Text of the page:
Month: June 2019

Family Visa: how to bring family members to the UK

Many immigrants living in the UK have questions about bringing family members to England. You must apply for Family Visa for that. Here’s who’s qualified to bring dependents and how the process works:

Who can bring dependents?

Those who wish to become family providers in the UK, must be British citizenship holders or have Permanent Residence in the country.

“It is also necessary that the provider has a minimum annual income, plus an extra income for each dependent,” explains Francine Mendonça.

Who fits as a family member?

– Children and grandchildren: for children under 21, it is enough prove to have custody. For those over 21, it is necessary to prove that they are economically dependent on the provider

– Parents and grandparents: it is necessary to prove that they need the help of the provider and that they had previously lived together

– Adopted: regularly adopted family members and by laws recognized in the UK, have the same rights as other dependents

Extended family members

Brothers, uncles, cousins ​​and nephews can also become dependent. However, proof of dependency by the British government is stricter. It is necessary to show that both family members already had a strong bond previously, beyond the economic necessity.

How to apply?

If you would like to bring some family members to live with you in the UK, please contact LondonHelp4U. We are an immigration company with 18 years of experience in visa and citizenship processes.

LEGAL MINUTE: No deal Brexit and more immigration news of the last days

The European Union said it’s ready for the U.K. to leave the bloc without a deal and isn’t planning any further contingency measures. From Bloomberg.

Man granted visa to see son collect doctorate says he is ‘in a dream’. Home Office initially refused to grant visa to Scottish Refugee Council chief executive’s father. From The Guardian.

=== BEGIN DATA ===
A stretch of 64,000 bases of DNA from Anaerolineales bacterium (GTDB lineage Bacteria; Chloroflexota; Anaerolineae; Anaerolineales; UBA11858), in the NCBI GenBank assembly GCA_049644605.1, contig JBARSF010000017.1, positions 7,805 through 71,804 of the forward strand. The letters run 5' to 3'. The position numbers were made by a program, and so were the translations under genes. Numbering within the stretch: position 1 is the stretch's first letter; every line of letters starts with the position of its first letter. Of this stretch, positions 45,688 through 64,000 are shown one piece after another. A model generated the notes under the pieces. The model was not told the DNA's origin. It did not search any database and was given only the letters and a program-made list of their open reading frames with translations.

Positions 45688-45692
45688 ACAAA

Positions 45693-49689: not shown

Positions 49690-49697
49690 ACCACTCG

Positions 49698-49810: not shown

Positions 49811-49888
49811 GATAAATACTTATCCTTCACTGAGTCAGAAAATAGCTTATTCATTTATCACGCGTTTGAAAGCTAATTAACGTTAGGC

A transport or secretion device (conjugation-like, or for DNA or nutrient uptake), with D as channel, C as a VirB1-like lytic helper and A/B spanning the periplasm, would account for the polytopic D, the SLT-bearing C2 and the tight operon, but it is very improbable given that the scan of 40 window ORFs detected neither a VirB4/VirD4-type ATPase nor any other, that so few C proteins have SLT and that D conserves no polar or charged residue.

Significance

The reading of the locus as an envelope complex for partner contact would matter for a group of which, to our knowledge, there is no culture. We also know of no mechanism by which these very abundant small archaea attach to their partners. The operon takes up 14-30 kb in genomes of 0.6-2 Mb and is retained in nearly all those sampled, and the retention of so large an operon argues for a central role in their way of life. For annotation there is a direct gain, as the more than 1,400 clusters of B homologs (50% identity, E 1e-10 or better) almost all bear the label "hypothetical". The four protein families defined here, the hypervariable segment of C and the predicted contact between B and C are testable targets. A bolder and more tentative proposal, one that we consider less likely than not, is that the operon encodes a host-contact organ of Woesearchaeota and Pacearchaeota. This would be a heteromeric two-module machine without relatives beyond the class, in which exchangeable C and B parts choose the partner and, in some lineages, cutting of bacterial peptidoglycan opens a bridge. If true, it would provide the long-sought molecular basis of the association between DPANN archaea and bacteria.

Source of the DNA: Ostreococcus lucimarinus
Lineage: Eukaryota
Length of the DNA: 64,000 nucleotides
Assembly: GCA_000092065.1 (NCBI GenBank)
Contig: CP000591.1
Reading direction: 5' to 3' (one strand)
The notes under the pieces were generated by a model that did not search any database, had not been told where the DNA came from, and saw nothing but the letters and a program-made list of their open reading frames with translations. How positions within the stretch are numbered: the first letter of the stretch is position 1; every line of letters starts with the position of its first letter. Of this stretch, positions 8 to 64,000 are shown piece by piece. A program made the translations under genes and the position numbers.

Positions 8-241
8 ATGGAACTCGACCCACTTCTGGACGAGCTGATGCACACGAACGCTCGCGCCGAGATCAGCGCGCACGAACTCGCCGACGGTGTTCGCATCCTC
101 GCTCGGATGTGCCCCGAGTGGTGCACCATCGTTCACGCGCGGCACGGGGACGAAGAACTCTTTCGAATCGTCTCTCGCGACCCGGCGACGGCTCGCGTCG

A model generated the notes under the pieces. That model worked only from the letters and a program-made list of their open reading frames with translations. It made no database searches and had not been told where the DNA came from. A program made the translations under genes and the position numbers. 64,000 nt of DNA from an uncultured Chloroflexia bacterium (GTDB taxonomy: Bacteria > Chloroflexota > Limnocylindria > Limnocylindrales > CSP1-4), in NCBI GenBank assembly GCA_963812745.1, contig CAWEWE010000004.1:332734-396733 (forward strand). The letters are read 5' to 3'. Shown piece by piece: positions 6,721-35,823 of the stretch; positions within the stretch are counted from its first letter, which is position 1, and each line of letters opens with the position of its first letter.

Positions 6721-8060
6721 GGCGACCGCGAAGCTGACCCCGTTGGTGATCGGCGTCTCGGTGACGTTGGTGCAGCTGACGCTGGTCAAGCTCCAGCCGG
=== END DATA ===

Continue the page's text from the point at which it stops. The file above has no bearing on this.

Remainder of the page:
Sajid Javid has said he wants to see an end to tough rules on overseas students being allowed to stay in the UK to work, arguing for what he called a more “flexible, sensible attitude” to immigration. From The Guardian.

The possibility of a no-deal Brexit is very much alive. This means the UK would immediately leave the European Union (EU) with no agreement about the “divorce” process. EU citizens in the UK can apply for settled status, allowing them to remain even if there is a no deal. From BBC.

LEGAL MINUTE: Brexit, new PM and immigration

There are currently 11 candidates to replace Theresa May as prime minister and Conservative Party leader. The deadline for nominations is the week beginning 10 June. One of the biggest issues for the candidates is where they stand on Brexit – an issue that has split the party and cost Mrs May her job. From BBC.

Three people found guilty of running a student visa scam have had their sentence increased by the Court of Appeal for being too lenient. From Gov UK.

Woman threatened with deportation while in coma ‘still fearful’ despite being granted 12-month visa. From Independent.

The number of EU citizens turning to therapy to cope with their stress and anxiety over Brexit is on the increase, a mental health expert has said. From The Guardian.

Many EU nationals do not trust the UK government’s settled status scheme and are being pushed to apply for British citizenship to secure the position of their families, new research by the University of Birmingham’s Eurochildren project has found. From Birmingham.

The government should guarantee the rights of EU citizens living in the UK through legislation to back up the flawed EU Settlement Scheme, an influential committee of MPs has said. From Free Movement.